Royal Mail has reduced its HR spend by £57m in two years as part of a massive organisational overhaul, senior HR executives have revealed.
Speaking exclusively to Personnel Today, Royal Mail group HR director Tony McCarthy and people and organisational development director, Kevin Green, said that the HR budget has been cut from £173m at the start of 2003, to £116m.
As part of the overhaul, the HR team has been slashed from 3,700 to 2,400 people, through 1,400 job cuts and 100 new appointments. The HR to employee ratio has improved from 1:75 to 1:130.
Other savings have been driven by removing duplication and process improvements in areas such as sickness absence and training.
Former BAE Systems HR director McCarthy, who joined Royal Mail in January 2003, said he was brought in by chairman Allan Leighton to modernise the organisation and create “a world-class HR function”. He quickly realised the scale of the challenge.
“The size of the department did not make any sense and HR was not aligned to the business,” he said. “A vast number of senior HR people were accountants. This did not mean they were not able people, but it meant top-quality processes were not in place.”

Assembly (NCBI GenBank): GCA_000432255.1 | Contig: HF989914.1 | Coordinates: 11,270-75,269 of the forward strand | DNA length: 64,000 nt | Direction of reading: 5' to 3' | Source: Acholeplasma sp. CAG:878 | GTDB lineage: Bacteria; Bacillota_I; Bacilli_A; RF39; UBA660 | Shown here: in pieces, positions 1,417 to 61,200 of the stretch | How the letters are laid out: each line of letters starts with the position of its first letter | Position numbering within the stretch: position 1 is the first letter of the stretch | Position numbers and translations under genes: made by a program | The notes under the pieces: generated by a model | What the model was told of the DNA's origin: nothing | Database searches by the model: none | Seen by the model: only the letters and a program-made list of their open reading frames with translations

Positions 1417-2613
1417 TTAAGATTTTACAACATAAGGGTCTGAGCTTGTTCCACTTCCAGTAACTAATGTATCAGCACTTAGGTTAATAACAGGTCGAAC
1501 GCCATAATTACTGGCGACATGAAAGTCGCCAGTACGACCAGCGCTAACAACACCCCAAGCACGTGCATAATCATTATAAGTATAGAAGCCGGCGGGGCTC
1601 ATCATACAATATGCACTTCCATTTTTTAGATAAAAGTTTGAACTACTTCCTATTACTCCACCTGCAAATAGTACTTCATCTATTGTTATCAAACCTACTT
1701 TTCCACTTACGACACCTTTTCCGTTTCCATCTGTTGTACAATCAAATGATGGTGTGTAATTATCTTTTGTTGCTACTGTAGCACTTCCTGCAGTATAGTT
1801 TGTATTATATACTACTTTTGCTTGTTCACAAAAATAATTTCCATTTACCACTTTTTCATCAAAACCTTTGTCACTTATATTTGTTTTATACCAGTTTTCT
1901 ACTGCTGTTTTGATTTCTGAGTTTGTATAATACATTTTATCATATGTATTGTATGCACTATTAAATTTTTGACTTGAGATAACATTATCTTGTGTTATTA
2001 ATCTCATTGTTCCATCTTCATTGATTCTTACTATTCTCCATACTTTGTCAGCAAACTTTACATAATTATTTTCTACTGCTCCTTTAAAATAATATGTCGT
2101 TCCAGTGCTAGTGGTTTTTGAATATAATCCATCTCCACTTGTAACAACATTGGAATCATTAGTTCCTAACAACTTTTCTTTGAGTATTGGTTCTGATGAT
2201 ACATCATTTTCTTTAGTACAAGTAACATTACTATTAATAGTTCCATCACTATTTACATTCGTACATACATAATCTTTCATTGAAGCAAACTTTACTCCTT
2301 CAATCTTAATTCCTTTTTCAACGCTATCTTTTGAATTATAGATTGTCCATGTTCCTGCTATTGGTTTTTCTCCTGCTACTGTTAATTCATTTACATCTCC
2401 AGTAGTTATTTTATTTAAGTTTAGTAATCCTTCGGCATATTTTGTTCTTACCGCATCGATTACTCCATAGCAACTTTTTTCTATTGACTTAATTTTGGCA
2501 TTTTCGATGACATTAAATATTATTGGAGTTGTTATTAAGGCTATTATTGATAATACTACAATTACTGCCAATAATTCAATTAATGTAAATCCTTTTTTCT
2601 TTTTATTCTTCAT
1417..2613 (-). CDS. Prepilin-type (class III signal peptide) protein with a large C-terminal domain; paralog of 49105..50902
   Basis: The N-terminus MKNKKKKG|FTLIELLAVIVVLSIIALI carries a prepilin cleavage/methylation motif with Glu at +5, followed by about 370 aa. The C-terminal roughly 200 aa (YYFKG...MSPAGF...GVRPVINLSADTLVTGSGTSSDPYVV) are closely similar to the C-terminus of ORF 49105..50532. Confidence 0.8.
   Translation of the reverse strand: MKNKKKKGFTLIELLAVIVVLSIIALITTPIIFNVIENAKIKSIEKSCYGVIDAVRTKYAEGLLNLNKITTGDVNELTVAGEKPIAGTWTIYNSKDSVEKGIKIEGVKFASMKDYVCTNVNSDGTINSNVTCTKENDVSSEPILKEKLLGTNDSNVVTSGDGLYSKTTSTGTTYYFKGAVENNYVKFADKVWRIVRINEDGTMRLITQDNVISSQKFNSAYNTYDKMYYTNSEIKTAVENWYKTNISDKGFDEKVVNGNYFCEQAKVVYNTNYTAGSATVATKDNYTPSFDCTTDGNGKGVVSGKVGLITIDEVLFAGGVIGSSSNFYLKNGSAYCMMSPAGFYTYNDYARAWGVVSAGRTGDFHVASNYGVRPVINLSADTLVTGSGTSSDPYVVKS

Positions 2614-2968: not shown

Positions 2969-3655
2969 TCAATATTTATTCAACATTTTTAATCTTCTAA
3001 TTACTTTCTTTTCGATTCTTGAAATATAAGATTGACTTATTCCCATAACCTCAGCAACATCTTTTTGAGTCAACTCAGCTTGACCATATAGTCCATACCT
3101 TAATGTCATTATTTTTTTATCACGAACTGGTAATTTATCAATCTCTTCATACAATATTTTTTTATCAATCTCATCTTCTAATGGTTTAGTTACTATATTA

The lack of a coherent HR strategy was illustrated by the disparate spread of HR professionals across the organisation, McCarthy said.
“The letters business has 200,000 employees in 31 areas and each area had people doing HR activity,” he said. “We had 1,000 HR people purely focusing on the recruitment of delivery staff.”
McCarthy and his new HR team put together a three-point plan to remove inefficiencies: Putting HR ‘business partners’ into each area; pulling out people doing repeatable tasks and creating a central shared service; and bringing experts into the head office HR team to focus on strategy.
McCarthy admitted that a lot of this was “basic stuff”, but he said that it had never been done before [at Royal Mail]. However, he was keen to point out that he was not being critical of the previous HR department staff, many of whom are still at Royal Mail.
“This is not to say HR was bad – it was just working under a different regime,” he said. “We have a lot of long-service people who are proud to work here.”
For more on Kevin Green and Tony McCarthy, see 1 February 2005 issue of Personnel Today
CIPD expert says ‘HR was isolated’
The Royal Mail’s HR department needed a major overhaul because the organisation was in crisis, with problems “staring it in the face”, according to a leading HR expert.
Mike Emmott, CIPD employee relations adviser, said: “HR was isolated from the business and had very little strategic input.”
But he congratulated the organisation on achieving the first part of the transformation, although he warned that there were still challenges ahead.
“It is not out of the woods yet, although it is on the right track,” Emmott said.
“Being strategic is the next challenge, making sure people are factored in to the big decisions.”
The most difficult part of the restructuring will be moving away from the traditional defensive mode of HR towards a business approach, he said.
Other large organisations have used a similar model to restructure their HR departments, with a focus on business partnering and change management, he added.